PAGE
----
Perhaps the real advantage on the shot following an offensive rebound is that the rebounder has secured a good position near to the hoop?

As we suspected, the vast majority of quick shots after an offensive rebound are from close range, dunks or tips, and that accounts in part for the high overall field goal percentage on these putbacks. The defense is also likely to be off-balance.

That’s especially true when the player goes up for the dunk. On those occasions, the average field-goal percentage was 87.7 percent.

On the other hand, when you tap it out, it gives the defense a chance to set up. Furthermore (and what’s not reflected in the study), there’s the chance that the defense can recover it and turn it into transition points.

This is meaningful in the Jones discussion because of things like this:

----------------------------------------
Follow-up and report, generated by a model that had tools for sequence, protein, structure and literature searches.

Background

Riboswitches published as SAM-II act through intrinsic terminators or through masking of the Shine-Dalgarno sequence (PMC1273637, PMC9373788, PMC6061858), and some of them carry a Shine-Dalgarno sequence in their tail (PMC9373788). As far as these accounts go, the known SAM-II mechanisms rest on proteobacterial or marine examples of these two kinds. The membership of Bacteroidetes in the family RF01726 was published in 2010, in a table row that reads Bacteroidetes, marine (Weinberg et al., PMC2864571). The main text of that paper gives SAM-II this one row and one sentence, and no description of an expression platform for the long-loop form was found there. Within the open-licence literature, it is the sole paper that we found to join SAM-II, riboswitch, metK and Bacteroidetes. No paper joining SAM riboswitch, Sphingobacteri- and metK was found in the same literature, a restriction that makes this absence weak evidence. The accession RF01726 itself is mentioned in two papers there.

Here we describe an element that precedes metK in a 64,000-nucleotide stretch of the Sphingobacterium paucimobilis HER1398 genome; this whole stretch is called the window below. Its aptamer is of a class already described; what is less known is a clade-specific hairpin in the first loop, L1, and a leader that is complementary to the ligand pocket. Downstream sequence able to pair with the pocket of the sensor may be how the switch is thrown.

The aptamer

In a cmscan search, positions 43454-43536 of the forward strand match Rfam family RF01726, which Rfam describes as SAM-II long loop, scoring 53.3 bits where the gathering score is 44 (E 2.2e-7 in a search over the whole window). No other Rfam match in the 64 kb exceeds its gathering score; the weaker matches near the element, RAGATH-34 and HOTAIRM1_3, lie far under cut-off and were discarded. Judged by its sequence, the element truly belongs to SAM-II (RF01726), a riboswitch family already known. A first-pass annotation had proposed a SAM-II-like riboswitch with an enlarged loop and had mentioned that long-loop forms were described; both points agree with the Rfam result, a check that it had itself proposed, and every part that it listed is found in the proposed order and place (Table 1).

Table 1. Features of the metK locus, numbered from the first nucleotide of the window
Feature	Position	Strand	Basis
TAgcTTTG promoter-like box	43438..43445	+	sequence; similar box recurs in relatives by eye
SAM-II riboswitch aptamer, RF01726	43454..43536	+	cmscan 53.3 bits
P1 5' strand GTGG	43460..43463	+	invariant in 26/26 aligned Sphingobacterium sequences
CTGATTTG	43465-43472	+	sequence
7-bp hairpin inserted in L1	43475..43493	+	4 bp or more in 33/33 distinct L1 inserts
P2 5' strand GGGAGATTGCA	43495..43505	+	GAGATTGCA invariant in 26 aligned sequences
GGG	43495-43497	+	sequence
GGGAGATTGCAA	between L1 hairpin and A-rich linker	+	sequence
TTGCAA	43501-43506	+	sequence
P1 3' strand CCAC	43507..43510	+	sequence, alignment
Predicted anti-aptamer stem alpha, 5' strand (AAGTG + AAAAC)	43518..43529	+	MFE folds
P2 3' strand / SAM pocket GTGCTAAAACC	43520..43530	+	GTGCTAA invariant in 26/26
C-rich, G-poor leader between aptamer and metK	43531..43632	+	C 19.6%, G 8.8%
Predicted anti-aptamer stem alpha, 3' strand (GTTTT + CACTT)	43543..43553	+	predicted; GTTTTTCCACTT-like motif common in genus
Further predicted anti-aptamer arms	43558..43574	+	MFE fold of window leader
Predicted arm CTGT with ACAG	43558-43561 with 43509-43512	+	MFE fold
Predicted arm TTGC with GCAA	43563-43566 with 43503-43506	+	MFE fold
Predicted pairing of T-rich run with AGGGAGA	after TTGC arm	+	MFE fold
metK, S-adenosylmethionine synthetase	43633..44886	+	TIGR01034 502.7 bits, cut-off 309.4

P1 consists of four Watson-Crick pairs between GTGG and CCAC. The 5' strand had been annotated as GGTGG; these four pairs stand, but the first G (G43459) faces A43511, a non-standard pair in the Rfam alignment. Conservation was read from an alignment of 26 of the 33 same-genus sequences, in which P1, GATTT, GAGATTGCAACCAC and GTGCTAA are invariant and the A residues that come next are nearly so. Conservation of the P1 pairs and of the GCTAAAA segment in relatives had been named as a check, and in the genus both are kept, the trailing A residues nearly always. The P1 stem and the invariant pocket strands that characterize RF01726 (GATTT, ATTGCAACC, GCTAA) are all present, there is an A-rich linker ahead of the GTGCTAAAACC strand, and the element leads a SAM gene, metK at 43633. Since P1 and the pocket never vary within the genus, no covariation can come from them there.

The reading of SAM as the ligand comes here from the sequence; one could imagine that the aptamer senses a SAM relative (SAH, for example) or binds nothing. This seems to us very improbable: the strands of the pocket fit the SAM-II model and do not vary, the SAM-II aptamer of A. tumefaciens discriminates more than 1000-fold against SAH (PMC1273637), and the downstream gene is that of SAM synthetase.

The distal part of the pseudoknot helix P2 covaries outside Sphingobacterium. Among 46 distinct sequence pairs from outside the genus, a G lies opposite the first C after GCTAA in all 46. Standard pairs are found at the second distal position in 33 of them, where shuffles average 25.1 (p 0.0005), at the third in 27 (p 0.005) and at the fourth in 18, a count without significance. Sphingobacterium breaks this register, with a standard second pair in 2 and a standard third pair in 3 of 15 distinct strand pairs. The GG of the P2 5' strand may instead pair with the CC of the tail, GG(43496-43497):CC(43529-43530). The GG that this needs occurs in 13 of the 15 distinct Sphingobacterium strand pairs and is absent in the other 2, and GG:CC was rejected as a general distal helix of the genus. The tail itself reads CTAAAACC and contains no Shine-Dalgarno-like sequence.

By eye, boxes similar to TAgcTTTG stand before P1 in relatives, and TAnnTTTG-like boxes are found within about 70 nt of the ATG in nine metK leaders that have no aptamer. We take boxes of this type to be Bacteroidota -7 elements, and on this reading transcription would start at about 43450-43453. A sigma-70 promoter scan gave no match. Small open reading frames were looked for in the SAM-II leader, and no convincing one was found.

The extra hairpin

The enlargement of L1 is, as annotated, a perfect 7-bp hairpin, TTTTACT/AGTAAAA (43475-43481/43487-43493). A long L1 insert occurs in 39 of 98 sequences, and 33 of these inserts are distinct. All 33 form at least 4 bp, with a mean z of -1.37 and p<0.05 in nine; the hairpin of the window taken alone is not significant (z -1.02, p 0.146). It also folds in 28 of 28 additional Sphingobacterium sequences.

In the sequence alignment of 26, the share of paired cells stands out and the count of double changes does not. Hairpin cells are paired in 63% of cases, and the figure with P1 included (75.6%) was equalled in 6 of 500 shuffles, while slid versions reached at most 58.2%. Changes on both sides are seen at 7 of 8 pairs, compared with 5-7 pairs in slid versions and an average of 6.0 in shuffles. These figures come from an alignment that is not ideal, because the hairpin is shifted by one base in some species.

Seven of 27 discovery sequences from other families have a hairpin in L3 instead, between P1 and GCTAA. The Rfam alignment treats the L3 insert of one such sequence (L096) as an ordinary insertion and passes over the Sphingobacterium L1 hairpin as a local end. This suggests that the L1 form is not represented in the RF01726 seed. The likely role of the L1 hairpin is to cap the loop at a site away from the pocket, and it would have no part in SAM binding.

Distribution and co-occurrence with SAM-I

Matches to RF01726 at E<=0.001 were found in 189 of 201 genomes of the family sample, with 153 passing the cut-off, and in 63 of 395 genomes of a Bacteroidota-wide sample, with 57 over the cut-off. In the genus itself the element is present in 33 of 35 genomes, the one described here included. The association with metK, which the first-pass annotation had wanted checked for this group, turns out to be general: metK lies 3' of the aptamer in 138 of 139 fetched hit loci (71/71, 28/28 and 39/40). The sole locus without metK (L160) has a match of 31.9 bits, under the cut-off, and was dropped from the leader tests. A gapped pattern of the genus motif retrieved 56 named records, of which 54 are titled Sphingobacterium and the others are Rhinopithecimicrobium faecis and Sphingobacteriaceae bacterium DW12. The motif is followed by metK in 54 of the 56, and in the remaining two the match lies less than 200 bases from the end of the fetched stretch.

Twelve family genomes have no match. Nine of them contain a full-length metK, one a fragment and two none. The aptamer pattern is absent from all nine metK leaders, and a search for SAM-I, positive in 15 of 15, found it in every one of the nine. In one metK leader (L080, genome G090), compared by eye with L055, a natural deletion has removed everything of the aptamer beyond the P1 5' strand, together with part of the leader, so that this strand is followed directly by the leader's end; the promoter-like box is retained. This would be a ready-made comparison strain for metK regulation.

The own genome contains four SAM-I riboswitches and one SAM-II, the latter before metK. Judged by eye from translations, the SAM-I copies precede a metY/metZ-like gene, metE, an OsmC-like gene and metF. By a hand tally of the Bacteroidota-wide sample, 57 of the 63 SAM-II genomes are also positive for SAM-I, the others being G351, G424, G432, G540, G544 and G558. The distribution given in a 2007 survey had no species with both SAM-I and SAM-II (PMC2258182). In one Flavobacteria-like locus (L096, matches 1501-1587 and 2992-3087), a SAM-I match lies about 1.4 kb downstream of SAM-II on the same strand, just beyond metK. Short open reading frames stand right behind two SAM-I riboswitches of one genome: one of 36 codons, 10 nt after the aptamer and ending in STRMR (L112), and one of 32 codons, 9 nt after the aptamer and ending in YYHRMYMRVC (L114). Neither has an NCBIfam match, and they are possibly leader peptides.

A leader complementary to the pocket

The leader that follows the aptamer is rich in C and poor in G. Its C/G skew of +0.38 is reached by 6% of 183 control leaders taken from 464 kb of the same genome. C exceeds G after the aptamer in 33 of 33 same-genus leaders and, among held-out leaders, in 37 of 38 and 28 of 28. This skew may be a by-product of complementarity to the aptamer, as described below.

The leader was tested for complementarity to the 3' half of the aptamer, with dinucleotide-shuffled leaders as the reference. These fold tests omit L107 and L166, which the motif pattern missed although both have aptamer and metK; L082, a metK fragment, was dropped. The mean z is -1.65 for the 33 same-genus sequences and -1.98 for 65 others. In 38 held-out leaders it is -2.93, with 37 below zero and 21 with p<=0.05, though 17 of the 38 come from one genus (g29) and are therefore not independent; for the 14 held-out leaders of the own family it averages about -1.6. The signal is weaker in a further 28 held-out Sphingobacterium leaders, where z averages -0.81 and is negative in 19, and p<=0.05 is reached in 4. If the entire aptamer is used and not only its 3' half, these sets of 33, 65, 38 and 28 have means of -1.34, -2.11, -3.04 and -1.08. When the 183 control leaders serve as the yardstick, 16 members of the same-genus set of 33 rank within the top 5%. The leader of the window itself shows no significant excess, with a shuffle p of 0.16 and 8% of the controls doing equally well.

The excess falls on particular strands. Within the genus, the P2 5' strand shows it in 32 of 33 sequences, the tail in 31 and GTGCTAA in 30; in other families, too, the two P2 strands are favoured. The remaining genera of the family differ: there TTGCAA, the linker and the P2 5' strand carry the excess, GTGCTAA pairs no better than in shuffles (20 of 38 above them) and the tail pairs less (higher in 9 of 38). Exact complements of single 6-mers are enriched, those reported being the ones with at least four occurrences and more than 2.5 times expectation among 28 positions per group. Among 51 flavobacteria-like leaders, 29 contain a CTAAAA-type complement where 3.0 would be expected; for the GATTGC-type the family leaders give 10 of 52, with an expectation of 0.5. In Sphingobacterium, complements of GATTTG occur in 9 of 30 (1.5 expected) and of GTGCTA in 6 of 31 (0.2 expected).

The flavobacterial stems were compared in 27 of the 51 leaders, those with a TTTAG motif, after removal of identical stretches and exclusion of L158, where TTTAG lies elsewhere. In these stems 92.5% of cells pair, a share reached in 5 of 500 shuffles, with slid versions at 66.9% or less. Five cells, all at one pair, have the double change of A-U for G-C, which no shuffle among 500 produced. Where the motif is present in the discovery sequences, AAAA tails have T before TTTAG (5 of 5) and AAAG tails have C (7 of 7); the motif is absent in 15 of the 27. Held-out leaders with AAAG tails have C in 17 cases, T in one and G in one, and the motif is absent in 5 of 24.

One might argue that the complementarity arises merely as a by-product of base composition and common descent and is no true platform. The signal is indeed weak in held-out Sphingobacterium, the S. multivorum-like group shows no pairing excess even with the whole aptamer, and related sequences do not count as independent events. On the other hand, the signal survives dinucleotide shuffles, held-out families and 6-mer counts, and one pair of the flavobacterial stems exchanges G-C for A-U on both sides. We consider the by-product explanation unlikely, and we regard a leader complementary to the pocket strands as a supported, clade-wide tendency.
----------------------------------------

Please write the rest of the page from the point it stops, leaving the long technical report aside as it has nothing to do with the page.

Jones isn’t a tapper-outer; he’s a grab-the-ball-and-dunker. Based on data from NBAWowy.com, 24 percent of Jones’ field goals have come from offensive rebounds.

He’s one of those guys who’s going to get a certain amount of offense just by being on the court, and those are going to be fairly consistent buckets.

 

Plays Designed for Him

One of the nice things about the new player dashboards at NBA.com is the addition of more tracking stats. That includes intriguing data on the distance of the nearest defender when a player takes a shot. One type of skill is being able to create and make shots when a defender is on top of you, and now we have a way to quantify that skill.

Last year, within two feet of a defender, Jones was taking just 3.2 field-goal attempts and making just 1.6. This season those numbers have climbed to 4.3 and 2.3 respectively.

Also, he’s making treys at twice the rate this year, going from .4 to .8 per game. Furthermore he’s shooting 42.9 percent form deep compared to 30.7 percent.

Jones has improved both in scoring on contested shots and in shooting from deep. Those two things actually complement one another.